Brink is named after its setting: a series of space stations orbiting a desolate, post-apocalyptic Earth — the last remaining outposts of humanity. They’re massive and can support millions of humans, but the people who live their lives on them are fed strong anti-depressants, to deal with the desolate existence of their relatively meaningless lives. All they’re really doing is breeding and eating synthetic foods, while orbiting a dead planet in massive tin cans.
However, while the backdrop is clearly deep-rooted in science fiction, the book doesn’t stick to the genre alone, rapidly veering off into a police procedural, and determinedly avoiding doing anything else you might expect it to for the entire remainder of the book. The main plot follows two cops as they investigate a cult that seems to be growing in power and status. However, they have to operate somewhat off grid, because everything to do with the running of the space-station, from the security to the food supply, is intrinsically tied up in the machinations of the corporations that run them.
The art in this book is far from incidental. The beautiful, grungy design echoes classic 70s/80s sci-fi movies, crossing the costume design of Alien and Blade Runner with the space station design of 2001: A Space Odyssey. This ties in well with the story, which has a Philip K. Dick feel of paranoia and lives lived on the edge. However, it maintains an original feel, too, wearing its influences subtly and carrying them well.
Even more striking than the overall design, though, is the use of colour, with the extreme harshness of artificial lighting permeating every frame of the book. There’s one particularly stunning sequence where a character is escaping from enemies through an air duct. Inside the duct is bathed in blue light, while outside the rooms and corridors are brighter. It creates a phenomenal contrast of action with the intersections between the two creating a stunning masterclass in dramatic colouring.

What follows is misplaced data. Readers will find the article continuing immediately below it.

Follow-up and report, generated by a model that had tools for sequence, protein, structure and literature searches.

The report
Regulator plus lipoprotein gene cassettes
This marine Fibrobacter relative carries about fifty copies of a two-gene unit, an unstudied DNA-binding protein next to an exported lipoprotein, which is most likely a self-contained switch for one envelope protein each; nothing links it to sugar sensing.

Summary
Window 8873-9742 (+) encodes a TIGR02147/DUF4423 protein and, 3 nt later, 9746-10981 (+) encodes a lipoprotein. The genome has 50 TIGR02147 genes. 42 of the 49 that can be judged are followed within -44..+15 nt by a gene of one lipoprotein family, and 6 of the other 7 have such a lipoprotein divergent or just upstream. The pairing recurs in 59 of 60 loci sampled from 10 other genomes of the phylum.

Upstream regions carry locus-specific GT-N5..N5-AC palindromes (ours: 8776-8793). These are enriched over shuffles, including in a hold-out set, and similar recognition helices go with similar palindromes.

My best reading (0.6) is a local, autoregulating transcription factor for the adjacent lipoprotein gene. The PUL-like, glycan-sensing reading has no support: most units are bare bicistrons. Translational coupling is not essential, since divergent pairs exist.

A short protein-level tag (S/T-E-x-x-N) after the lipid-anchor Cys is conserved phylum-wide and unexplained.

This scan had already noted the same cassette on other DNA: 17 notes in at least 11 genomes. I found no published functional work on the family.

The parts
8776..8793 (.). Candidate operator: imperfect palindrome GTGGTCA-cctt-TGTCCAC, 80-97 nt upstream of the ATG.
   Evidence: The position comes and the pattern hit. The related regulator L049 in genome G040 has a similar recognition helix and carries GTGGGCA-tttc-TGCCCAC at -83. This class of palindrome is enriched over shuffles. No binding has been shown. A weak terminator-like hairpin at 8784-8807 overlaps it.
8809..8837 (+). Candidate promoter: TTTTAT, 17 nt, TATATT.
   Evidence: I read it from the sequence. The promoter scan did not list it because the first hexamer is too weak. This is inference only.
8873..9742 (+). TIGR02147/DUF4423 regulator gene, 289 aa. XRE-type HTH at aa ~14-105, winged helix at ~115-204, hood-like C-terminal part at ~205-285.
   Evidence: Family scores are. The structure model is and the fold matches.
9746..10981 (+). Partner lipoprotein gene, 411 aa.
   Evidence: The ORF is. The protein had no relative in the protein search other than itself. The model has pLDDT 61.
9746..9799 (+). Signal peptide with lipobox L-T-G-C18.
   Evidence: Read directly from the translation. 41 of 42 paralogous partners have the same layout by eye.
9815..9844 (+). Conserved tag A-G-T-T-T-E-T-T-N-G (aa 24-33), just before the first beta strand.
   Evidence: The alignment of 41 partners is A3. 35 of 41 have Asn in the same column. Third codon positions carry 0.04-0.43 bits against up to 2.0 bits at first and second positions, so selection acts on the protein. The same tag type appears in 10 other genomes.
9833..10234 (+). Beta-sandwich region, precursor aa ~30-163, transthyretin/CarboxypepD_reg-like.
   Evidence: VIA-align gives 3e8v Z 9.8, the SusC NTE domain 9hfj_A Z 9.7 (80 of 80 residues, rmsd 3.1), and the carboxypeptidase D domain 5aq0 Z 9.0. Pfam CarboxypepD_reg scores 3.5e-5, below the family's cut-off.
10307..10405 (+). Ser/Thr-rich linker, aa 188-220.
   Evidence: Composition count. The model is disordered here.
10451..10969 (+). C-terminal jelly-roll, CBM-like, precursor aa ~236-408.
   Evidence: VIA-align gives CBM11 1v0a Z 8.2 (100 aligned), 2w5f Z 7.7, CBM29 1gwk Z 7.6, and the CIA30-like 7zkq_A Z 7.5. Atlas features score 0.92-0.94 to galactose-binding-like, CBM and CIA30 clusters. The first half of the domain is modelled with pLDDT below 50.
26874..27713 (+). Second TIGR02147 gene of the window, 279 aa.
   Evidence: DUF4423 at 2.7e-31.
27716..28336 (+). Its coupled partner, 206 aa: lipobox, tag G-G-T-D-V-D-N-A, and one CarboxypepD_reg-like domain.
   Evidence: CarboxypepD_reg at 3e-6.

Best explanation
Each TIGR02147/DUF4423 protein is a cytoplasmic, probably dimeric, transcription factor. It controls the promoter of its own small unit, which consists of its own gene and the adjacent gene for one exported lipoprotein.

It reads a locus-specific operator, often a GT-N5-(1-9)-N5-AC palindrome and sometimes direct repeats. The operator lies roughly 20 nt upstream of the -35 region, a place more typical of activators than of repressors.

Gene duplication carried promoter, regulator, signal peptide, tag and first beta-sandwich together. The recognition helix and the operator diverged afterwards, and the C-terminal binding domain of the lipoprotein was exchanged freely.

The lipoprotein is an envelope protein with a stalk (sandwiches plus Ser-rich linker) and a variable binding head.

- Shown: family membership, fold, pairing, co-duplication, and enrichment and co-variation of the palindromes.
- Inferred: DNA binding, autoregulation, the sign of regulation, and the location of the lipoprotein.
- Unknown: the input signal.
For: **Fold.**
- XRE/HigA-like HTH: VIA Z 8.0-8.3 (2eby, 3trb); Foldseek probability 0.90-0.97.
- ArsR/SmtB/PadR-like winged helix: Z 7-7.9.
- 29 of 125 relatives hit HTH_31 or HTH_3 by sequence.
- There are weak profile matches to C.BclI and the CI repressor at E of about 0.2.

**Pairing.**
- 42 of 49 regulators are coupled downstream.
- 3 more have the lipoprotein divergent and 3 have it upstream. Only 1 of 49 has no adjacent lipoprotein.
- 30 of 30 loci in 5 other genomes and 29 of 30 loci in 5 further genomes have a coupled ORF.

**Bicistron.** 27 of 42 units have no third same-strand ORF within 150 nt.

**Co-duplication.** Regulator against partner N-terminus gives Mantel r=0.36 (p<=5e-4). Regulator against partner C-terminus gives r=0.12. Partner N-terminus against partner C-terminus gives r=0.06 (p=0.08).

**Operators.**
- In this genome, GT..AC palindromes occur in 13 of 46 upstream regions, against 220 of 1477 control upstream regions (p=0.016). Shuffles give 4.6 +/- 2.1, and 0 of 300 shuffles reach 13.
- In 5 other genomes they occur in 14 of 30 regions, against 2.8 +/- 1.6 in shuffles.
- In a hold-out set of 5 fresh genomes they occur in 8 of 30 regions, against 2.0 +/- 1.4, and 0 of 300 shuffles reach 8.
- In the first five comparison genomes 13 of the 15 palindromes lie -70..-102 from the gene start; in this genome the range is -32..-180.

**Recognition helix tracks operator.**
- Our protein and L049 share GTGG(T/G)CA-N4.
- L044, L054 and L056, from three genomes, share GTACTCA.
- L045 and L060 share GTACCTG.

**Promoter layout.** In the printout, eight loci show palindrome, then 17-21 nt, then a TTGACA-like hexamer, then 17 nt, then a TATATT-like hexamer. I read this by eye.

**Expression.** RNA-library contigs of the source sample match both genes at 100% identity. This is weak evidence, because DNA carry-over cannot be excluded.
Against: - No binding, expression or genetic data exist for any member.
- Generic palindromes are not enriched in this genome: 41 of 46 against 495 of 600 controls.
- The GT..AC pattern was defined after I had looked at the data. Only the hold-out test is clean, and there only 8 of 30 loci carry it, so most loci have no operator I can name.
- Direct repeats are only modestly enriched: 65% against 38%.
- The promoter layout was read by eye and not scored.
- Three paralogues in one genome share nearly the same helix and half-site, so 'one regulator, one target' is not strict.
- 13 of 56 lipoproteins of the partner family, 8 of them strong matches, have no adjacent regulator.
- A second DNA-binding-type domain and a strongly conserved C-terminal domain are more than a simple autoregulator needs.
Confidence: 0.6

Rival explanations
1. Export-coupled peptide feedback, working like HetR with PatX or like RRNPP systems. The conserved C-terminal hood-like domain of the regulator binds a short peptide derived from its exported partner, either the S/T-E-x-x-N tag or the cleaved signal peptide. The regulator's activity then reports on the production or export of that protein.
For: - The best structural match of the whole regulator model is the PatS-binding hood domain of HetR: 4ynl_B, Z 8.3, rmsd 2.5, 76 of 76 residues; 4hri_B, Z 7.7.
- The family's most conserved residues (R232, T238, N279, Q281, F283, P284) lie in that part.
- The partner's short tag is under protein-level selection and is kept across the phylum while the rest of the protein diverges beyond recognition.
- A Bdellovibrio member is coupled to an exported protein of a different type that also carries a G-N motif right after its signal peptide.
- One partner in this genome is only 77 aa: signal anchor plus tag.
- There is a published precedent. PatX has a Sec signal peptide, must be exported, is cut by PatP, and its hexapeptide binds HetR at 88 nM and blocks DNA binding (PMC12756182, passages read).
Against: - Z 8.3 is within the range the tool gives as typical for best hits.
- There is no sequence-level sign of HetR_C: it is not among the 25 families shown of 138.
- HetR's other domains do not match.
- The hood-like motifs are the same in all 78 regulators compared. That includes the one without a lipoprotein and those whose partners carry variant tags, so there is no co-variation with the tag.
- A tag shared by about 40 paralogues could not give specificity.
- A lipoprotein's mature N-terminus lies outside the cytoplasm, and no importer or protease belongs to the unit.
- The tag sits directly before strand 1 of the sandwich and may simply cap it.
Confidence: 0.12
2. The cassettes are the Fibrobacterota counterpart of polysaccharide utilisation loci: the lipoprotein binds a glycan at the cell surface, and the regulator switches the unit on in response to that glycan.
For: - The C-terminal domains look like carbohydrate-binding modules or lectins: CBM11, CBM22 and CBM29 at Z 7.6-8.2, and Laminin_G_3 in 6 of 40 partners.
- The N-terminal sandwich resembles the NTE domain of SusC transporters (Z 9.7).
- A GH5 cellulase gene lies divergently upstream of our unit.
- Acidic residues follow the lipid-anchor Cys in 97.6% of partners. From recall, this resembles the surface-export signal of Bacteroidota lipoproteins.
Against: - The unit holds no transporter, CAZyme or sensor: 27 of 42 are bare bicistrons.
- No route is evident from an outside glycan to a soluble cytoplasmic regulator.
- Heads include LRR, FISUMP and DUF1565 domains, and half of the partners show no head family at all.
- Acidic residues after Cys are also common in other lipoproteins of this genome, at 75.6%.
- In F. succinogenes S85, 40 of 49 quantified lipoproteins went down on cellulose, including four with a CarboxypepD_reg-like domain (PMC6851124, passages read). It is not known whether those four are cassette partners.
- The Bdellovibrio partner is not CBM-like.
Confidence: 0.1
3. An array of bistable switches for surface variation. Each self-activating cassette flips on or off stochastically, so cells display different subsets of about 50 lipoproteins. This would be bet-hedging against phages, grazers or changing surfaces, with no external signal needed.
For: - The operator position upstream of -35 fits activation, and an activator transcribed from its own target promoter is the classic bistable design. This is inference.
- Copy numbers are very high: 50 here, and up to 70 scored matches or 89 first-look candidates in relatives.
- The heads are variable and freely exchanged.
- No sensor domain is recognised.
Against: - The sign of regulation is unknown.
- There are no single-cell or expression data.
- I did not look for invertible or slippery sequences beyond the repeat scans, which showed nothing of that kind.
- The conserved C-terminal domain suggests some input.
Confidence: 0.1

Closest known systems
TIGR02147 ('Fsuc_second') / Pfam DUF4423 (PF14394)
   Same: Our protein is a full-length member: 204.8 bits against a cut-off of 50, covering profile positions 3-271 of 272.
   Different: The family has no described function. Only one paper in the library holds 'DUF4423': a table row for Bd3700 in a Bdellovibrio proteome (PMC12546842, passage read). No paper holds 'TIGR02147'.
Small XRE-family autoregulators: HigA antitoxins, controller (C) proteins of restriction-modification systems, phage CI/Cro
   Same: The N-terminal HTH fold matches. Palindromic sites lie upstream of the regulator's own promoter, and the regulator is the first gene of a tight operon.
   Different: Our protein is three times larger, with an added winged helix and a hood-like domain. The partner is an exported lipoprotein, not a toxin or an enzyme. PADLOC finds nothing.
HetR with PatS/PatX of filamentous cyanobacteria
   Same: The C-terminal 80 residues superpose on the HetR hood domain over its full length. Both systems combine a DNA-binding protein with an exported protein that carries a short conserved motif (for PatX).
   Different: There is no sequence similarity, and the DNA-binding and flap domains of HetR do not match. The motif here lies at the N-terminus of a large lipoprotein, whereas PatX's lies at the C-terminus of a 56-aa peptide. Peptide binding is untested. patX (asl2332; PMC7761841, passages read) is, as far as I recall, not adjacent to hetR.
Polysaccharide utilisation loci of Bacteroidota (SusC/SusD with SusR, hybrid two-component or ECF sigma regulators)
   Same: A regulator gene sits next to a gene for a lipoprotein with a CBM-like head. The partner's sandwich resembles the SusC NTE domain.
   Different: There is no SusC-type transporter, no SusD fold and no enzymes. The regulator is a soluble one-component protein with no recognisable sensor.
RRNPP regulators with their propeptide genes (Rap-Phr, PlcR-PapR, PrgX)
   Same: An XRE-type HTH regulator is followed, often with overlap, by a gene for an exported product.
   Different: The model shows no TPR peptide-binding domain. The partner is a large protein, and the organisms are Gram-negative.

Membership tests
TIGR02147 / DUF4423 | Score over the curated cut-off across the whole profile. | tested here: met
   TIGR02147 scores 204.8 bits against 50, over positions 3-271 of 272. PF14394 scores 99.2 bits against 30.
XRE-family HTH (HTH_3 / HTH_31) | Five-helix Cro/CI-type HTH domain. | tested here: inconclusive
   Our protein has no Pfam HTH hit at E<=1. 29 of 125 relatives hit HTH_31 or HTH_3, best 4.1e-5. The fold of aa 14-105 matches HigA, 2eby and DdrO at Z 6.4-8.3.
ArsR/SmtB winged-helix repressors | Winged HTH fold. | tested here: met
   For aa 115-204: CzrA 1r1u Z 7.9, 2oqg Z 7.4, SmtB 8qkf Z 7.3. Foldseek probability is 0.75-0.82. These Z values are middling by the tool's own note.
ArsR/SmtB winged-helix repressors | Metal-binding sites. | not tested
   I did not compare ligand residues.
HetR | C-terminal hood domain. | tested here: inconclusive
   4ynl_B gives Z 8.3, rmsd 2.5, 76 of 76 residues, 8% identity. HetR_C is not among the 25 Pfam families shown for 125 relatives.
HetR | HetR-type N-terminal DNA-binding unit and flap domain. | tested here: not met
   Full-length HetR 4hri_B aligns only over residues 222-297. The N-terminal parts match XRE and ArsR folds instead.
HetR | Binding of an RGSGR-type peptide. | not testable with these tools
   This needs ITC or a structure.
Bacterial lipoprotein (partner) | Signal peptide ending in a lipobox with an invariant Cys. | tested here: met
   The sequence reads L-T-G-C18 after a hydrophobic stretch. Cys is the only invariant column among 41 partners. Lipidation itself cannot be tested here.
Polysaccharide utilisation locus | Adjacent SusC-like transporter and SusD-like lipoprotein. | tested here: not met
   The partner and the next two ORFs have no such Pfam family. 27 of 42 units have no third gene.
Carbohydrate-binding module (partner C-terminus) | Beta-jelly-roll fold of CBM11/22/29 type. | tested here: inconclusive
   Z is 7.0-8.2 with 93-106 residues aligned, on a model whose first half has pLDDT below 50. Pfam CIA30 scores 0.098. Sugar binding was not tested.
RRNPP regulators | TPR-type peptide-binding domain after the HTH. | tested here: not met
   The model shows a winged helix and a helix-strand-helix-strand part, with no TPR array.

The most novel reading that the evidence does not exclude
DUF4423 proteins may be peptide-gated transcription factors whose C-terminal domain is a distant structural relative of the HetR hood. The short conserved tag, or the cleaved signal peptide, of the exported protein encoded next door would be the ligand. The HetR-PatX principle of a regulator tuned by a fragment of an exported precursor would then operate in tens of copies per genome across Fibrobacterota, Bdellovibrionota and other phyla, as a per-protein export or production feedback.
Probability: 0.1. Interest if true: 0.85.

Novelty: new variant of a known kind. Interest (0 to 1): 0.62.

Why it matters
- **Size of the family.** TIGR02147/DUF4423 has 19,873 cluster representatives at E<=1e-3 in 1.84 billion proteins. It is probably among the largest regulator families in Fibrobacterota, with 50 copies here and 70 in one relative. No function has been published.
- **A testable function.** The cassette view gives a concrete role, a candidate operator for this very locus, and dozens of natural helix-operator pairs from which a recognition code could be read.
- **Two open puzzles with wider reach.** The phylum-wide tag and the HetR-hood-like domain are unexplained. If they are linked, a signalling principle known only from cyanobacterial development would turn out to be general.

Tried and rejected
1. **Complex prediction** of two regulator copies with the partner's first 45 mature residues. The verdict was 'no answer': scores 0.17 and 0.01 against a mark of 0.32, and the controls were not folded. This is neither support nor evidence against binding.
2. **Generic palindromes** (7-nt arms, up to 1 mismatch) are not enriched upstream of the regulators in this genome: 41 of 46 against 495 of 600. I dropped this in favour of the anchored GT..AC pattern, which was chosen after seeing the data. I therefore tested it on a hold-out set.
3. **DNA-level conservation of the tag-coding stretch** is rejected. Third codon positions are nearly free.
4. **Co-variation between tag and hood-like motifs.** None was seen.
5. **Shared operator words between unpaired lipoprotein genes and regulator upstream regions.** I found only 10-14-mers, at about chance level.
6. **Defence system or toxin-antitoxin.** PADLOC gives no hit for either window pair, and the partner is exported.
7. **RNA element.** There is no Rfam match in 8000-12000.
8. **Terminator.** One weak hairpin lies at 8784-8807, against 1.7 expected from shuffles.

The art and the story are intricately tied together, with detail built into the backdrops and explained through a sort of augmented reality effect, where labels display the names of devices and the locations where the action is taking place in the metropolis-sized space-stations. Where necessary it also shows the content of the characters’ personal devices, so they don’t have to read out their messages for us to know what’s going on.
This all ties nicely into Abnett’s script, which is dense and sophisticated but worth savouring. He creates a rock-solid backdrop that’s authentic and believable. His central characters are just as solid and well-rounded, fitting in with and reacting to the technological world they live in. But it’s the layers of plot that will keep you awake, pondering over the implications.
Abnett plays havoc with our expectations, making a surprising and genuinely tense tale that’s overflowing with sleight-of-hand storytelling. It leaves you feeling like you’ve been taken on as much of a rollercoaster ride as the main characters, as Abnett juggles them in a twisted pattern of gentle obfuscation that will be thoroughly appreciated by anyone who enjoys a hearty dose of intelligent sci-fi.